Anyways…I’ll be back soon, and hopefully with some happier thoughts.

Kia Ora,


All good things come to an end (9/27/09)

Christchurch Cathedral, Christchurch, South Island, New Zealand

Today is the rainiest it’s been in a while here in Wellington, so i’m curled up on the couch with a cup of Chai tea, watching The Sword in the Stone and determined to finish the story of my trip around the South Island.

Sunday morning, Maggie and I were hoping to finally do that horseback riding, but stormy weather meant the ground was too muddy for the stables to risk. And so, we headed on our way, back to Christchurch through the middle of the island. The drive was as beautiful as any other I have experienced here. Golden fields flanked by rolling hills and snow capped mountains. We had hoped to stay at Lake Tekapo, a beautiful lake near Mt. Cook. However rain and high hostel rates had us pushing on, towards Christchurch. We arrived in Christchurch that evening and found a hostel in the centre city.

Luckily for us (and our wallets…) we have a friend in Christchurch. Allen lives across the street from me here in Wellington, and his family was gracious enough to host us for the next three nights. We received amazing hospitality from his parents. It was great to eat a home cooked meal and not have to get up and leave every day. Christchurch is a beautiful city. It is much more spread out than Wellington and has a much more suburban feel. Unfortunately, on Tuesday, Maggie grabbed a flight home to Wellington to get some work done before classes started again on Monday. On Wednesday, Lauren and I met up with another friend, Jacob, to do some kayaking in the botanical gardens in Christchurch. It was a spectacular day in the sun and a great way to spend our last day in Chch.

Botanical Gardens, Christchurch, South Island, New Zealand

EARLY Thursday morning, Lauren and I hopped on the TranzCoastal train. This is the same company that took me from Auckland to Wellington back in July. The train offered gorgeous views of the coast and after a few hours, we arrived in Kaikoura. Kaikoura is a small town on the eastern coast that attracts tourists by the boatload during the summer months for whale watching, swimming with dolphins and hanging out with seals. In the winter though, the town is pretty dead, albeit beautiful. We enjoyed a day on the beach and did a little souvenir shopping. That night marked my second late night trip to a hospital as Lauren and I took a walk to the Kaikoura hospital to make sure Lauren’s persistent cough was nothing serious. The walk was beautiful as the full moon had risen and was shining off the snow on the top of the mountains. If only I had my camera… I did manage to get some good shots earlier in the day though.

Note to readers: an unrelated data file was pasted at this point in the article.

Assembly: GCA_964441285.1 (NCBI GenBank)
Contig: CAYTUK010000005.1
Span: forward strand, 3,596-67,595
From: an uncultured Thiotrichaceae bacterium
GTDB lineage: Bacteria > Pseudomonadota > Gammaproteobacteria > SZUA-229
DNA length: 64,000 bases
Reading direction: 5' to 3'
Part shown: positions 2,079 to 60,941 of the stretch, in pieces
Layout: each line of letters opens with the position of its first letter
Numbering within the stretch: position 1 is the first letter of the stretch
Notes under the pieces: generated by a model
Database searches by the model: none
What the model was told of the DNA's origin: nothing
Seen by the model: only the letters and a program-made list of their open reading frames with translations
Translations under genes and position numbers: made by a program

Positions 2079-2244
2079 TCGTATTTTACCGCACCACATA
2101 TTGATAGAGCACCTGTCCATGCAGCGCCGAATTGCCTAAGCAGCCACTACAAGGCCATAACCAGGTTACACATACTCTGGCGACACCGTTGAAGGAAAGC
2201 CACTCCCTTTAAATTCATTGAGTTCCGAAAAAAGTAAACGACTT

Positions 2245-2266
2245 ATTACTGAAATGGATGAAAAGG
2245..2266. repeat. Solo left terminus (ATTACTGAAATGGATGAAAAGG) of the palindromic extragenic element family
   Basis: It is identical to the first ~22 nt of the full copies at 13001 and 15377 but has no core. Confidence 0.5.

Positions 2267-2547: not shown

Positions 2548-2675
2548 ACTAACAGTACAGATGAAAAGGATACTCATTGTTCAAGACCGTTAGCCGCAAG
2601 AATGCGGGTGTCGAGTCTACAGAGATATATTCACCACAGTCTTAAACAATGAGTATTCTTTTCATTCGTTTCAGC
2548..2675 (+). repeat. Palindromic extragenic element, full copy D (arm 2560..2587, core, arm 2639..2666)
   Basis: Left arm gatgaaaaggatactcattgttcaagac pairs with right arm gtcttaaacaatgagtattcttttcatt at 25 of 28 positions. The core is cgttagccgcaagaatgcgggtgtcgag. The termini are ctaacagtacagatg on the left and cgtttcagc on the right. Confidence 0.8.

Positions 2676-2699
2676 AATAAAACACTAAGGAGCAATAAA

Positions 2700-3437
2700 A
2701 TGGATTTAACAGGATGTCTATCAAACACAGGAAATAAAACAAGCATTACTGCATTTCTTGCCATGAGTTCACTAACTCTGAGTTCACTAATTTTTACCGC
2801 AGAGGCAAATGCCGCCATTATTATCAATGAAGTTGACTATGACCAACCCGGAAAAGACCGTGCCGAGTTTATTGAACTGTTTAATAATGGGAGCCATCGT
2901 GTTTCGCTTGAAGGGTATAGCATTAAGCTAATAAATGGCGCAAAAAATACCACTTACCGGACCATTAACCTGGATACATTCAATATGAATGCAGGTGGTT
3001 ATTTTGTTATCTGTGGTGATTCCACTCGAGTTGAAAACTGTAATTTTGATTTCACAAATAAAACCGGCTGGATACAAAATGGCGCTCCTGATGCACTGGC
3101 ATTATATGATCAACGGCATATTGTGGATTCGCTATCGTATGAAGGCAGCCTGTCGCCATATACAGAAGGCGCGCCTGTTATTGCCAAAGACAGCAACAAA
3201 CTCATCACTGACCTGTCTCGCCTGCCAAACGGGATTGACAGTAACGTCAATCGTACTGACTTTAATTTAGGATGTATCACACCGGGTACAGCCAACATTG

Beachfront, Kaikoura, South Island, New Zealand
Kaikoura, South Island, New Zealand

On Friday it was back on the train to Blenheim. Blenheim sits in the heart of the Marlborough wine region, home of some of the best vineyards in New Zealand. Natalie lives here and once again, we were fortunate to stay in a real home. Natalie’s parents are amazing hosts and our first night, we headed to a local country club to participate in a quiz night. Quiz nights are huge in New Zealand and we dominated, coming in second. We were only one point behind the first place team and they had bought a few answers. But second place was good enough for us. We walked away with a cheese board filled with snacks and four bottles of wine. And all in support of the girl guides (sort of like girl scouts with a boy scout feel).

On Saturday, Natalie’s parents made us an awesome outdoor breakfast and then we left on our tour of some vineyards. We visited a few vineyards and another place that makes different liquors and alcoholic ice cream toppings. After several tastings and coffee on a sun drenched patio, we headed back home. Our time in Blenheim was great. It was awesome to see Natalie again and to see some of the wine I’ve been reading about for over a year.

Sunday was our last train trip followed by a ferry ride across the Cook strait; back to the North Island. It was a relaxing trip home but definitely bittersweet. I had such an amazing time on the South Island and I was not looking forward to getting back to the grind of school. At the same time, I hadn’t seen my flatmates (except Natalie) in over two weeks, and it would be nice to sleep in the same bed every night. Looking back, my trip across the South Island was incredible and I’ll never forget it. Maggie & Lauren were amazing travel partners and we’ll have stories to tell for years to come.

Kia Ora,